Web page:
These women revamped every aspect of the newsroom and I was in awe of them all throughout the year. I had many moments where I thought to myself, “That’s who I want to be.” In no time, the newsroom became one of the only spots on campus I truly felt at home. 

After serving different roles in CM Life, witnessing different leadership and completing my summer internship working at The Alpena News, I have come to realize so much about myself and how I see journalism. I return this fall to CM Life not only with a tan, but with a heart and mind filled with excitement, vision and love. I have had the honor of meeting so many people that have led me to the mindset I have today. 

Some of these individuals, such as Aurora and Regan, as you can tell, have had an incredible impact on me as a woman and as a leader — thank you for every bit of guidance and for simply being the flawlessly amazing leaders you are. 

To Maya Denslow, the owner of Jib-Bob, who has taught me the importance of being a human before a reporter. I have cherished every bit of our relationship, and you have, more than you know, made me want to be a platform for voices that go unheard or ignored. 

To Maryam Blackeagle, the owner of Mashkiki Garden in Hubbard Lake, and Carolina Hernandez-Ruiz, a Central Michigan University student: You have both instilled within me the knowledge of just how much of an impact journalism can make in this world. I cannot thank you both enough for your willingness to share your stories with me. You are some of the most strong, kindhearted women I know. 

With all this being said, I came into this position as editor-in-chief with changed confidence, having many supporters throughout the newsroom and my friends, as well as myself, saying this is what I’m meant to do. I believe this 100%. My dream is cultivated from the many experiences I’ve had, people I’ve met and the world I have seen. 

Journalism today focuses too much on the competitiveness of being the first to tell a story. It focuses too much on simply the conversations and money involved with politics, and not the people impacted by these conversations. Typically, those stories are recycled from other reporting as well. This is prevalent across big named newsrooms in the United States, and this isn’t journalism.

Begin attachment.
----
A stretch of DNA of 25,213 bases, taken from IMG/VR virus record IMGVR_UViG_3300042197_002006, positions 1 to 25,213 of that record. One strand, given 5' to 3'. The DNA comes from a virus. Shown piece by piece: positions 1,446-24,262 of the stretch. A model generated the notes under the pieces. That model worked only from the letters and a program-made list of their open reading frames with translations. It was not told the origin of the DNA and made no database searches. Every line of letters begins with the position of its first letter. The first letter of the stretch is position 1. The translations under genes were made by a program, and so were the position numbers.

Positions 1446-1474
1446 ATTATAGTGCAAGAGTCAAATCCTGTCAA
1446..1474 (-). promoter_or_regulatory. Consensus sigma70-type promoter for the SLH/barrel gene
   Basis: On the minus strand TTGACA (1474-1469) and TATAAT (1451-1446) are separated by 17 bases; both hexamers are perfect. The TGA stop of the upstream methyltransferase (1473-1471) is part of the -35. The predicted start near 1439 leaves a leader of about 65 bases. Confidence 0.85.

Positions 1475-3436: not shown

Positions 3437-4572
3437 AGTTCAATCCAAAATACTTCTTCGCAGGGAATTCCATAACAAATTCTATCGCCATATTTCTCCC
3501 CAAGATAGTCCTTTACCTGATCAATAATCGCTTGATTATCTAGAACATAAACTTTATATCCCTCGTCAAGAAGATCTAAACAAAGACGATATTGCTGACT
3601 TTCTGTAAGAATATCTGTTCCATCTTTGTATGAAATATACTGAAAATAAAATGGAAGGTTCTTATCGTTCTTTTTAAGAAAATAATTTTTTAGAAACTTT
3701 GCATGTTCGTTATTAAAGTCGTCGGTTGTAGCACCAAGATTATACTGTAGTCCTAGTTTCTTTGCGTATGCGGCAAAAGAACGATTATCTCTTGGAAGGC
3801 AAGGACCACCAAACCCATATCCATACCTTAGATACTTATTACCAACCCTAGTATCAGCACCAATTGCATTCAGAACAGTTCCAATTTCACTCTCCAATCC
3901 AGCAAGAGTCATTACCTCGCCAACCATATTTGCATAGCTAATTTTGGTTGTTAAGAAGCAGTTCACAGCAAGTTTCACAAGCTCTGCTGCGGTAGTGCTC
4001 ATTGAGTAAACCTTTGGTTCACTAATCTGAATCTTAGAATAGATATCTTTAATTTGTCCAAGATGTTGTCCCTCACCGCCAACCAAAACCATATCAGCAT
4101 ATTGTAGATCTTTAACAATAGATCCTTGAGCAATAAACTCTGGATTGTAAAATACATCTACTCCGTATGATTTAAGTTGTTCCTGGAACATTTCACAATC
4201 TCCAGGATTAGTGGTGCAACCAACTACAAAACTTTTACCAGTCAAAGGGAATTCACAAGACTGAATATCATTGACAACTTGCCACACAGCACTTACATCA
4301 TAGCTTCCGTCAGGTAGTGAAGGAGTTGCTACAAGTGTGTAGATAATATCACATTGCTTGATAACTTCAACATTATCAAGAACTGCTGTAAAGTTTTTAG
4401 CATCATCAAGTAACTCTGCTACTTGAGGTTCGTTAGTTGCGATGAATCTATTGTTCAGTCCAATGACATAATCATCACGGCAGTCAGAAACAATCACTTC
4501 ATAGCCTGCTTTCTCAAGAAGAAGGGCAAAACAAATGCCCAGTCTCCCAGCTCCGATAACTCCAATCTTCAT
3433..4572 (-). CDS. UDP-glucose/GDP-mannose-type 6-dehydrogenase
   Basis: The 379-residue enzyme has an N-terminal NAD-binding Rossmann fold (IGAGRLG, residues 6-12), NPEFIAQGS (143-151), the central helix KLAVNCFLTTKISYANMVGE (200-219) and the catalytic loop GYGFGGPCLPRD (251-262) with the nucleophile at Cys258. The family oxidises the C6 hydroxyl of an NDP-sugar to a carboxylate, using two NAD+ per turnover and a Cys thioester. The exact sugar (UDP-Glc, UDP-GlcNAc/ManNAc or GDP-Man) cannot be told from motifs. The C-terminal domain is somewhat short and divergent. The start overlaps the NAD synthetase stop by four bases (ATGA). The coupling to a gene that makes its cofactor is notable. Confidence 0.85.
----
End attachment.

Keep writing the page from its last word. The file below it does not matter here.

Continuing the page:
I have learned that true journalism is when you do a story justice. This means you have done research before just copying what you’ve read from other media. This means you have interviewed and sought out the people that are directly impacted by those conversations. This means you have looked at every other angle you could possibly take with that story and creating something that is your own reporting, not a copy. 

This knowledge has driven me, and Ms. Aurora Abraham to want to change the world of journalism. We will eventually run an international newsroom that is built upon that exact foundation. CM Life has ignited this burning fire within the both of us. 

You saw it in our reporting last year. We steered away from comfortability. We sought out diversity and inclusivity to tell the whole story and make all students feel truly welcome. We looked for guidance from our readers and CMU staff and faculty to see where we lacked. We worked our asses off to re-instill and amplify what CM Life is known for. 

And as the new editor-in-chief alongside such an incredible and driven staff with a similar outlook, I tell you now — just keep reading. 

Zipporah Abarca is Central Michigan Life editor-in-chief.